August 12, 2013

Song Review: Nine Inch Nails' "Copy of A"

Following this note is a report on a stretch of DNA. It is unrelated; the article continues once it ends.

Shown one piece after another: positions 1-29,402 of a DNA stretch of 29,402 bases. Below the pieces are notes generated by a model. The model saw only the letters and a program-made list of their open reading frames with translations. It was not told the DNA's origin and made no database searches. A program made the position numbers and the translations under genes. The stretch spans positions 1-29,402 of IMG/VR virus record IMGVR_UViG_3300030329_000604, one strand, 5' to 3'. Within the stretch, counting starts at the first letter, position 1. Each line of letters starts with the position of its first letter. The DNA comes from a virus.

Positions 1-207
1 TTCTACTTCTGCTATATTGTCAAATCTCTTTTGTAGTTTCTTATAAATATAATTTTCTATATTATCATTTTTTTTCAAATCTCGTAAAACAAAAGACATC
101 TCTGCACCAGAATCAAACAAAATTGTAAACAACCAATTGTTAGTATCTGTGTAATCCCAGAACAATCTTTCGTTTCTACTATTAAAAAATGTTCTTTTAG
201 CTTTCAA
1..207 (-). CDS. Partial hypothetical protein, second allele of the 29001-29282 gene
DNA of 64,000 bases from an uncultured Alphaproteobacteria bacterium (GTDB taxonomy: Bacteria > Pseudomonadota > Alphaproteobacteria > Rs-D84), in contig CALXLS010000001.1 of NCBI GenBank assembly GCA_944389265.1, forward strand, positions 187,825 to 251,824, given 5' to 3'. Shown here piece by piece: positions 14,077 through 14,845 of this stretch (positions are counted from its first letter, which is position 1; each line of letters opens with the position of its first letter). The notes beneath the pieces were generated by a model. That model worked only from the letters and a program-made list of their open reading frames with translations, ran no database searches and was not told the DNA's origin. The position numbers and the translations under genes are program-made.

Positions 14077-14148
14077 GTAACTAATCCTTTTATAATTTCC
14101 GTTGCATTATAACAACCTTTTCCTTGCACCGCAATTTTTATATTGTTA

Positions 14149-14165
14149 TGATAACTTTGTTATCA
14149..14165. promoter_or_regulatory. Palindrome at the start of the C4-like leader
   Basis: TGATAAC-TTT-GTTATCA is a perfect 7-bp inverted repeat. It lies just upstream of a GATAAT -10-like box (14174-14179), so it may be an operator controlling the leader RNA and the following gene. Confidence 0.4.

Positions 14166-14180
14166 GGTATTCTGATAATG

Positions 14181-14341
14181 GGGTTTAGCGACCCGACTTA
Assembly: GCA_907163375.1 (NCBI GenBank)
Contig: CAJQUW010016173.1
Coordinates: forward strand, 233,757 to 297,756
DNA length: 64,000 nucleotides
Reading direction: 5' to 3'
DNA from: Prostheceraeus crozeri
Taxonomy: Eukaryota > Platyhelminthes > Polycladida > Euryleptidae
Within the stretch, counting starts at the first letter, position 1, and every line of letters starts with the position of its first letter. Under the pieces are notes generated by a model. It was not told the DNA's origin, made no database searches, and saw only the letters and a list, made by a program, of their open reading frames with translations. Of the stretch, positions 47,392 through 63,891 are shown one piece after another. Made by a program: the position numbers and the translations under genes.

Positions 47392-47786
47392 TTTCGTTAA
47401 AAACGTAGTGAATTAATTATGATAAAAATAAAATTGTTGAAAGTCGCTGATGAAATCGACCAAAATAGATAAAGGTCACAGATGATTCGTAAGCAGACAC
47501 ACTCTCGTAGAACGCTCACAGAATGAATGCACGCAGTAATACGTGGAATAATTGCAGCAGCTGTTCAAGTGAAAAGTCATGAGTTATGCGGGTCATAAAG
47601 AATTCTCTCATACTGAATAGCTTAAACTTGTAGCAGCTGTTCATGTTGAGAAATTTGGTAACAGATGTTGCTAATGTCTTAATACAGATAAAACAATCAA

Trent Reznor's pretty hate reunion machine known as Nine Inch Nails is now fully operational, having embarked on a world tour and played its first shows in the U.S. with successful headlining slots at this year's Lollapalooza and Outside Lands festivals, and among the new tracks off the project's comeback album Hesitation Marks (due out September 3rd via Columbia Records) being test driven is its latest official single "Copy of A." Alongside the LP's first preview in the radio-ready industrial pop arena seat filler "Came Back Haunted," the similarities between Nine Inch Nails' latest incarnation and that of its 1994 classic The Downward Spiral are beginning to show exactly what type of "sparse and minimal" electronic-heavy forwardness Reznor was alluding to. "Copy of A" traces its roots back to the mid-'90s industrial trance revolution, cutely dubbed "electronica" back then and which practically fizzled out here in the States as soon as Madonna hopped on the Prodigy bandwagon, but nevertheless, Reznor contributed one of its most significant examples upon producing David Lynch's Lost Highway soundtrack and its Nine Inch Nails-helmed hit single "The Perfect Drug." Like that listen, "Copy of A" features a trippy beat that accelerates at the speed at which I imagine mimics the affects that ecstasy would have on some dumb kid on the blacklit floors of today's much more lame yet equally dangerous and stupid drug-induced rave and dub scenes. But with Reznor knocking at 50's door these days alongside being happily married with children, he escaped the fuckery of that wasteful lifestyle years ago. "I am just a copy of a copy of a copy / Everything I say has come before...," reflects Reznor, trying to convince you that he's some shell of his former self whose been far out and back. Fortunately for him, he was able to return with the laser focus of an industrial dance junkie without having pushing a pill down anyone's throats, and for that, it's at least impressive to know Nine Inch Nails can still do what they did a decade and a half ago without the icky dirtiness that a sound like this typically desires.

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